Nanotechnology involves using tiny particles for treatment of diseases. 'Nano' refers to billionth of a unit. European countries are to use Nanotechnology for treatment of fatal diseases, which will help to reduce the cost of healthcare . European Union to develop Nanotechnology in the next 10 years which will help to cure diseases such as heart diseases, diabetes, Cancer, HIV infection, Alzheimer's and Parkinson's diseases. Six billion dollars (4.84 billion euros) are invested in nanotechnology around the world every year. Nanosciences is the birth of a new medical technology which augments various fields of physics, chemistry, mechanics, biology and electronics offering better treatment options at an affordable cost.
Nanotechnology works by activating small and tiny particles present in the body, it activates proteins, DNA, Viruses and antibodies and induces them to fight against the diseases. Nanoparticles can go "everywhere in the body -- they can overcome barriers to hit places that conventional treatments can't reach," including the brain, said Patrick Boisseau of the Electronics Technology Information Laboratory in Grenoble, southeast France. The key is to "direct them correctly," Boisseau said. "It opens up infinite possibilities for medicine but the revolution will be gradual... It takes 10 years to produce a new medicine. We won't go faster, even if the pharmaceutical companies would like to shorten the wait," he added.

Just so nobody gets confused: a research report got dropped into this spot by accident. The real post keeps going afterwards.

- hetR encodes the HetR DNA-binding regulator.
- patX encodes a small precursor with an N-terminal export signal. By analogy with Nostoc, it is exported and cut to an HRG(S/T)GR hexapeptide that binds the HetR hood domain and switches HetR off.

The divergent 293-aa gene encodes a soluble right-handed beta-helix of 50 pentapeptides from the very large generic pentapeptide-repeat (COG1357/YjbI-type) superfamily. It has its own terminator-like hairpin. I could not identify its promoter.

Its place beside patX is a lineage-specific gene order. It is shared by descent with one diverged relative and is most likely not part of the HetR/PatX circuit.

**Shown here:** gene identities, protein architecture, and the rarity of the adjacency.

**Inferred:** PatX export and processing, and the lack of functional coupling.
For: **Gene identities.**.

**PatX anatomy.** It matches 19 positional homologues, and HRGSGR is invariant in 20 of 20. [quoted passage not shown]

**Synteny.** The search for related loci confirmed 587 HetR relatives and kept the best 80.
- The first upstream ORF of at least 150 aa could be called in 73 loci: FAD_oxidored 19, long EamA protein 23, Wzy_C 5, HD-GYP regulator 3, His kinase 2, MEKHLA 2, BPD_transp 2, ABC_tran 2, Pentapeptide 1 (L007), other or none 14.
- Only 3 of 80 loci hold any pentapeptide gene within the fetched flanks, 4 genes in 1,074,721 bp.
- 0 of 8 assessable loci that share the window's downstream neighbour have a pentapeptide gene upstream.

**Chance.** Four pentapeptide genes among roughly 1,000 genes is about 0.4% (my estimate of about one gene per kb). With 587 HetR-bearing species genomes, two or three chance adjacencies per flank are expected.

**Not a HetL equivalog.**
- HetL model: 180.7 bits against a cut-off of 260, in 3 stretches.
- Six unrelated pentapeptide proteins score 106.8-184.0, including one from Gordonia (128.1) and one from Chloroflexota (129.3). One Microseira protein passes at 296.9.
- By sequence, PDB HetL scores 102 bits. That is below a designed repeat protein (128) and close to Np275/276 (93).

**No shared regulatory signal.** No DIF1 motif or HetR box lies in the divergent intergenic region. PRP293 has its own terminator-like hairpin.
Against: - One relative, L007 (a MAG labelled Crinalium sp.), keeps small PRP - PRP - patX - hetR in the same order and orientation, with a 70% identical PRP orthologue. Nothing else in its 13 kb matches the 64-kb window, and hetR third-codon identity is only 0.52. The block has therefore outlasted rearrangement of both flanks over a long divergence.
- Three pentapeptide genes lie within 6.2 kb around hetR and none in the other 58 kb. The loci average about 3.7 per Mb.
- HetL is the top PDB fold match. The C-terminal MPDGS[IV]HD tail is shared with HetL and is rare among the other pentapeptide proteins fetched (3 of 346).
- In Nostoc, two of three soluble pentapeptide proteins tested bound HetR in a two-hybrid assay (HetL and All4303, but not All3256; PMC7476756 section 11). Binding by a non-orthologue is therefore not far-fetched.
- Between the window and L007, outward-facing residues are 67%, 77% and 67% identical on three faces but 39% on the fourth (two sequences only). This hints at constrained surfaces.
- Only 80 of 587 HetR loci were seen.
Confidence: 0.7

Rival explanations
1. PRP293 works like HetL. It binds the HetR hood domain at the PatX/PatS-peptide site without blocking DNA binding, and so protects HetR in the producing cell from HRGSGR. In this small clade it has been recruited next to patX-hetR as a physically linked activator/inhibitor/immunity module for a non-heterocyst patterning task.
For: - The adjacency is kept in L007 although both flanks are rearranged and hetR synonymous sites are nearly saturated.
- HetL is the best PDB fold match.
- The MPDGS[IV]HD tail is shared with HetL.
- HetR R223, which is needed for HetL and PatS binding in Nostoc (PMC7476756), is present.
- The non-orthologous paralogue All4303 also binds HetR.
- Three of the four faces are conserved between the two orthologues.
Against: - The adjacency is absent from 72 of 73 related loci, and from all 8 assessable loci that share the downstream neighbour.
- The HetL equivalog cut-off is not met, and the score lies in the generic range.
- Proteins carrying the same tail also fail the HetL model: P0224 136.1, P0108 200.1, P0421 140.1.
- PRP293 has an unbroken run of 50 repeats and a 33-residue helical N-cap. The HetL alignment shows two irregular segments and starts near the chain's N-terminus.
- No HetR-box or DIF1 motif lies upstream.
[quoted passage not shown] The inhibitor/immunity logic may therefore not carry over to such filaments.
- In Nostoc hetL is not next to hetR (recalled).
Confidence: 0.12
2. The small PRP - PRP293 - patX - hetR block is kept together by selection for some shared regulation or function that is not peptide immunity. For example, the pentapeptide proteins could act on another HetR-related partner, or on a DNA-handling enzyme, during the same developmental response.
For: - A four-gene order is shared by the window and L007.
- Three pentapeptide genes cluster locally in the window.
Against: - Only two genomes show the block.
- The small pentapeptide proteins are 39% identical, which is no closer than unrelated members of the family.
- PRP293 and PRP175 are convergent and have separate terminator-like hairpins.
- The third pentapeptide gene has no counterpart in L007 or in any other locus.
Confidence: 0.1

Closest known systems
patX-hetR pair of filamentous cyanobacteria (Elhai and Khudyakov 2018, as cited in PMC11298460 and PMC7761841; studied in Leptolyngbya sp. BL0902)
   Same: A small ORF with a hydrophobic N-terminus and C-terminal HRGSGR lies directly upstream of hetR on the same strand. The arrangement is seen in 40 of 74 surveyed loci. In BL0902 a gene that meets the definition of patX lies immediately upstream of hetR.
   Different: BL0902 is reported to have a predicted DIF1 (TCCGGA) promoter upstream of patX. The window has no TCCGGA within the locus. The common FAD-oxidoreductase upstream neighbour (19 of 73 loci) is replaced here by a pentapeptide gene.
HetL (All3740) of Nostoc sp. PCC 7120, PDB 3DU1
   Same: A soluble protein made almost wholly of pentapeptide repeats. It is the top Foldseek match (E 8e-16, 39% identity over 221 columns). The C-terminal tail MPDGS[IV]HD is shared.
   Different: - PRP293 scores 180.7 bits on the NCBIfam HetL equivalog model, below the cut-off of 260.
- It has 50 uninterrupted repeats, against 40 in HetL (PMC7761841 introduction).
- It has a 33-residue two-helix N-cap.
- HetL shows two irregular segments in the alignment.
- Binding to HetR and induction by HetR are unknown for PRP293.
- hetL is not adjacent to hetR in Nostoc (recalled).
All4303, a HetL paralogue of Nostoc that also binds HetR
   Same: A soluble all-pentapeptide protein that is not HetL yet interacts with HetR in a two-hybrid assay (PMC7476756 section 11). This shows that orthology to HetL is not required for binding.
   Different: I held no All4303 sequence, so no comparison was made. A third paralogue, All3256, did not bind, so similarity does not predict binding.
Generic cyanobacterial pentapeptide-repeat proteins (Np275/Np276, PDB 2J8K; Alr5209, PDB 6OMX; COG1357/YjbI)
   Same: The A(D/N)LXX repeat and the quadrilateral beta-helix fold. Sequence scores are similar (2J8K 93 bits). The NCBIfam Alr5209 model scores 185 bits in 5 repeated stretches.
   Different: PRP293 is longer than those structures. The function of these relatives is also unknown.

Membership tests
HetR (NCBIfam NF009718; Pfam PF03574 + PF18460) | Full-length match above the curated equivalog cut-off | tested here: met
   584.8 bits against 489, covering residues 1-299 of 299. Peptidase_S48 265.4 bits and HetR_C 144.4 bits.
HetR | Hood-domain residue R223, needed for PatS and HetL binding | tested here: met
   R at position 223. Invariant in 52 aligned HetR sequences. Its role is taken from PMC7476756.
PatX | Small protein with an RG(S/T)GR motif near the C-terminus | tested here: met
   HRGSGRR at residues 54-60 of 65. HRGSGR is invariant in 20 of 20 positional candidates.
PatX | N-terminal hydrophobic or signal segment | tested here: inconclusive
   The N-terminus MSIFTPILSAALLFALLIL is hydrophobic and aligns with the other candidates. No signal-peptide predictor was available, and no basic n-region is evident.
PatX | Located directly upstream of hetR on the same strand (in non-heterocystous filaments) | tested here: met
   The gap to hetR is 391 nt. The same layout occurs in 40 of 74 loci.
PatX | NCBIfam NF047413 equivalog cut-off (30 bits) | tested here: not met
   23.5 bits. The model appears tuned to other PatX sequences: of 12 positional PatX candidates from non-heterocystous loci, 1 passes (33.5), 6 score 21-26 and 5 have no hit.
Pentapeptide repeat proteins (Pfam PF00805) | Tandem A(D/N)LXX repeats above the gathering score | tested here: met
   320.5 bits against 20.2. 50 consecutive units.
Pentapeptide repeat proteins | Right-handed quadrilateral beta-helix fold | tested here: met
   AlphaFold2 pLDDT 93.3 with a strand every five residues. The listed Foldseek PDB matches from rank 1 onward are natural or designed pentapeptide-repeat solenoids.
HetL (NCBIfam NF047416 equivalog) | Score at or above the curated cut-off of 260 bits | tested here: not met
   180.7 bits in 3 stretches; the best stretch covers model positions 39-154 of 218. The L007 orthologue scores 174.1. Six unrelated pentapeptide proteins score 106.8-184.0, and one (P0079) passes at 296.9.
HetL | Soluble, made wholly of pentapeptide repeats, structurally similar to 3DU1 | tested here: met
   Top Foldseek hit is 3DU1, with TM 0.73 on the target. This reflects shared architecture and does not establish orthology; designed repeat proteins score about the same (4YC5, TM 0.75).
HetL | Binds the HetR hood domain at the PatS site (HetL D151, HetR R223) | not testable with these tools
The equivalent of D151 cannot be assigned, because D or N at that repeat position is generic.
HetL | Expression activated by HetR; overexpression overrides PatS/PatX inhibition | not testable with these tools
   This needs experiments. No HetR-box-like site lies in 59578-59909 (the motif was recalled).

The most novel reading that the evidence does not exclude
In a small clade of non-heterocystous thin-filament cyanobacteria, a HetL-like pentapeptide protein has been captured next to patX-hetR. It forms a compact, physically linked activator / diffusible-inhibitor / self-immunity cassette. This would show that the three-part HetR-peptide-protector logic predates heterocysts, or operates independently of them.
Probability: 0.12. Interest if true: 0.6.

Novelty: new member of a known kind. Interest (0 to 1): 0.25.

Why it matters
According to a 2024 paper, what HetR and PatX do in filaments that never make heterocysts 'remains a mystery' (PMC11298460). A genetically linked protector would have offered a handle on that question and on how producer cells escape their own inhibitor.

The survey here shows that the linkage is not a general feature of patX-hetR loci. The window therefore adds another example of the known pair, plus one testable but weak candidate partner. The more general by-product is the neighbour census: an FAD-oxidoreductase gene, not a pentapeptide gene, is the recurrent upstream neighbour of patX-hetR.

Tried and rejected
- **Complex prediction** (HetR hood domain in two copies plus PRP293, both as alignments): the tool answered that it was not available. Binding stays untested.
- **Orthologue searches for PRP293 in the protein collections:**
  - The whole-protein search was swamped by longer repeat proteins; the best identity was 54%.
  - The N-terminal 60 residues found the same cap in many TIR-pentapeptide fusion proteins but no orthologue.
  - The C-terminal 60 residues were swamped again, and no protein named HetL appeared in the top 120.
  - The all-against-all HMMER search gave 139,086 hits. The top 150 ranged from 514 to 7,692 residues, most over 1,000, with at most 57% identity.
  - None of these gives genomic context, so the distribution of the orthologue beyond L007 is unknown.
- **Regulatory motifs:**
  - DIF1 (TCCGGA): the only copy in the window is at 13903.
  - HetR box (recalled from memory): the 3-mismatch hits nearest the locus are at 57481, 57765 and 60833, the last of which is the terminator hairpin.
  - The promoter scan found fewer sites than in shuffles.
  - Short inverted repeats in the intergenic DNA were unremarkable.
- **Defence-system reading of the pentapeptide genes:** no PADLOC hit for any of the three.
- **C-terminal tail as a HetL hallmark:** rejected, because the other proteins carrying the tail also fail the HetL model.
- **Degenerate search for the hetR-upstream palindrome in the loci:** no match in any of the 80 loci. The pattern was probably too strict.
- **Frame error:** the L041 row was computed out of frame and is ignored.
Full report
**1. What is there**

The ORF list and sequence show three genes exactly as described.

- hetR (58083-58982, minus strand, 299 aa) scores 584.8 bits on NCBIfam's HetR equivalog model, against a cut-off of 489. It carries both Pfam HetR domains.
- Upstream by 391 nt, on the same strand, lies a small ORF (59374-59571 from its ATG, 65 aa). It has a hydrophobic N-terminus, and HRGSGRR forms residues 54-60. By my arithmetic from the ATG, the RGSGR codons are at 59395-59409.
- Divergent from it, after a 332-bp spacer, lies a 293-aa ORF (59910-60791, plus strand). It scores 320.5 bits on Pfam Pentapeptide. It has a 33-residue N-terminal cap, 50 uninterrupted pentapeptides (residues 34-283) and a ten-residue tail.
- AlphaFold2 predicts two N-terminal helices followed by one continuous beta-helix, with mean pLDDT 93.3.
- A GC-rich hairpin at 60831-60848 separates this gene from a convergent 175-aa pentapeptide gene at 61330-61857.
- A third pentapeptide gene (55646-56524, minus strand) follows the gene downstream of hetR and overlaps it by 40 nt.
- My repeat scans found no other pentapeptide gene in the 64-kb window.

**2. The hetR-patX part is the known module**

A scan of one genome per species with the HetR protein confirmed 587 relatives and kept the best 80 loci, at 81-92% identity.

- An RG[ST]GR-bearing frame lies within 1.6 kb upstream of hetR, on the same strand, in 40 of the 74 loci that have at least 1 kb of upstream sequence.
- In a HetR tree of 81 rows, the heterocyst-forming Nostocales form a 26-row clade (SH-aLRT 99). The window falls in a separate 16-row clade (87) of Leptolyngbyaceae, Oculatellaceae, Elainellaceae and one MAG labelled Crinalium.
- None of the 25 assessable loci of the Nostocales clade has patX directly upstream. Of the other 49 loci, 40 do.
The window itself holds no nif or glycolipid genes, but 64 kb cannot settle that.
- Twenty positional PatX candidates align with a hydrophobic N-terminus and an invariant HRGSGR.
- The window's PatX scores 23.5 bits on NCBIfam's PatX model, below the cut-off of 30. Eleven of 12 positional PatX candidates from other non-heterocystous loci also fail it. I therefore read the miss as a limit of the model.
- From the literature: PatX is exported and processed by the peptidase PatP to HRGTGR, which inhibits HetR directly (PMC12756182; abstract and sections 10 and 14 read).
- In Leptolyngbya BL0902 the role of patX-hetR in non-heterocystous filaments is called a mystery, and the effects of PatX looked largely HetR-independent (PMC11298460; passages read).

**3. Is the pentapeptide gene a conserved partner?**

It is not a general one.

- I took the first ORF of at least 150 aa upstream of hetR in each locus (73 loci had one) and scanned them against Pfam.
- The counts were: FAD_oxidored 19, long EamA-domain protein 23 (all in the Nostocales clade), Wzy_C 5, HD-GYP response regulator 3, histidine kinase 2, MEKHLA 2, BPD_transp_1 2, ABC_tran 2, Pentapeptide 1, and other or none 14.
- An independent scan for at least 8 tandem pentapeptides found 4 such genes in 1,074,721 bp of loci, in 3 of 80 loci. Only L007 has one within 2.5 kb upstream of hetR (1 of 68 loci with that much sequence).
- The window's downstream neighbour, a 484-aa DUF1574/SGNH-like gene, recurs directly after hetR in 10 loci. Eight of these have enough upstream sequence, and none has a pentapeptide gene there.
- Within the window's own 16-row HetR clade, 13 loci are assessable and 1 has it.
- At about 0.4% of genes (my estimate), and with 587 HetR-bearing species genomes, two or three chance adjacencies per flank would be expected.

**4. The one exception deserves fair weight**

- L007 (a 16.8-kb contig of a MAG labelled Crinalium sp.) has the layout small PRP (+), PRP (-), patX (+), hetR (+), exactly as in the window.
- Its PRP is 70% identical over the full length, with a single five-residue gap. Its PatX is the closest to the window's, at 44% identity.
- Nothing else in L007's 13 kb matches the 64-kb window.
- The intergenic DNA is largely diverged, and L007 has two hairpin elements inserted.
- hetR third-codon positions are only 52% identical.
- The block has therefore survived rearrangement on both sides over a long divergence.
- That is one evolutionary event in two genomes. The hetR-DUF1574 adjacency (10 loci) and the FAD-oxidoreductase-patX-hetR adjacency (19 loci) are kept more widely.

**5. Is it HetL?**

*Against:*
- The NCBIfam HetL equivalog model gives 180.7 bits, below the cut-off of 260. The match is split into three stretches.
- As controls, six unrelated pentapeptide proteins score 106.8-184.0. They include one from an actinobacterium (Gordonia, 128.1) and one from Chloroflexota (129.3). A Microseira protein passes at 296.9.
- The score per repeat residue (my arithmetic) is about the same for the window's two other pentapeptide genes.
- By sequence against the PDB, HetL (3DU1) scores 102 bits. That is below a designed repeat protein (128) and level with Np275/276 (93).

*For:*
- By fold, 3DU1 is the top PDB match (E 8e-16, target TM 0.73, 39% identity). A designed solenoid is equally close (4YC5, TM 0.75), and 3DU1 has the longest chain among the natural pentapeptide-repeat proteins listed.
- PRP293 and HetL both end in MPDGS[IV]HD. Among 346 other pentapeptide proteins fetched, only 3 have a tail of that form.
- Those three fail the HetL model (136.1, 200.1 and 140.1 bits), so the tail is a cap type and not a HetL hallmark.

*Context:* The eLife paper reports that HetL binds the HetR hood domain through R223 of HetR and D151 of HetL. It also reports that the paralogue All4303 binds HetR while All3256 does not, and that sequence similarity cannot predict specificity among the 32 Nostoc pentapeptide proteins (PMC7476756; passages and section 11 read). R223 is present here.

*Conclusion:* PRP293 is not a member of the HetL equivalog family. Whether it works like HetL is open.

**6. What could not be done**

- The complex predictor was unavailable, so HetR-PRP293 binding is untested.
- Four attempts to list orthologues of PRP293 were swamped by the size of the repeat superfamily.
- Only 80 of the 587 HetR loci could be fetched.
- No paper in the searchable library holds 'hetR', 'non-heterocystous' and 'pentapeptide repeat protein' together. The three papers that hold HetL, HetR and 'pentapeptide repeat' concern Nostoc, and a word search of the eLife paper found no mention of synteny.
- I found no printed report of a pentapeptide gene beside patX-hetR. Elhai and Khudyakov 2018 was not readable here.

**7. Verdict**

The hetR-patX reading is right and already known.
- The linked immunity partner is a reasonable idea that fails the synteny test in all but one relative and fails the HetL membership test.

Using Nanotechnology, the cost of hospitalization and surgery will be reduced. Hospitals will continue to treat difficult cases but many patients would be able to recover at home, lowering costs. Leonard Fass, representative of General Electric Healthcare, said: "The hospital of the future will receive patients holding a badge with their updated medical dossier." Patients can receive tailor-made treatment and there is less risk of doctors making mistakes, Fass said.
The Cornea Engineering Project sponsored by European Union is aimed at restoring eyesight to thousands of patients with impaired eyesight. The technology works by rearranging a eye protein which could restore to natural cornea offering a perfect eyesight. This technique is better than transplants as it does not involve tissue rejection. The project could help the 28,000 people each year in the EU that have cornea operations. The EU has already spent 2.56 million euros (3.17 million dollars) on the project out of a total budget of 4.37 million euros (5.41 million dollars). Knee Nanotechnology project aims at restoring knee injury which is offered in Edinburgh. Cancer Nanotechnology project under the supervision of Doctor Andreas Jordan, Head of Magforce Nanotechnology, Berlin is working on insertion of 'Nano' cells directly into the cancer cells, by which it is made to burst.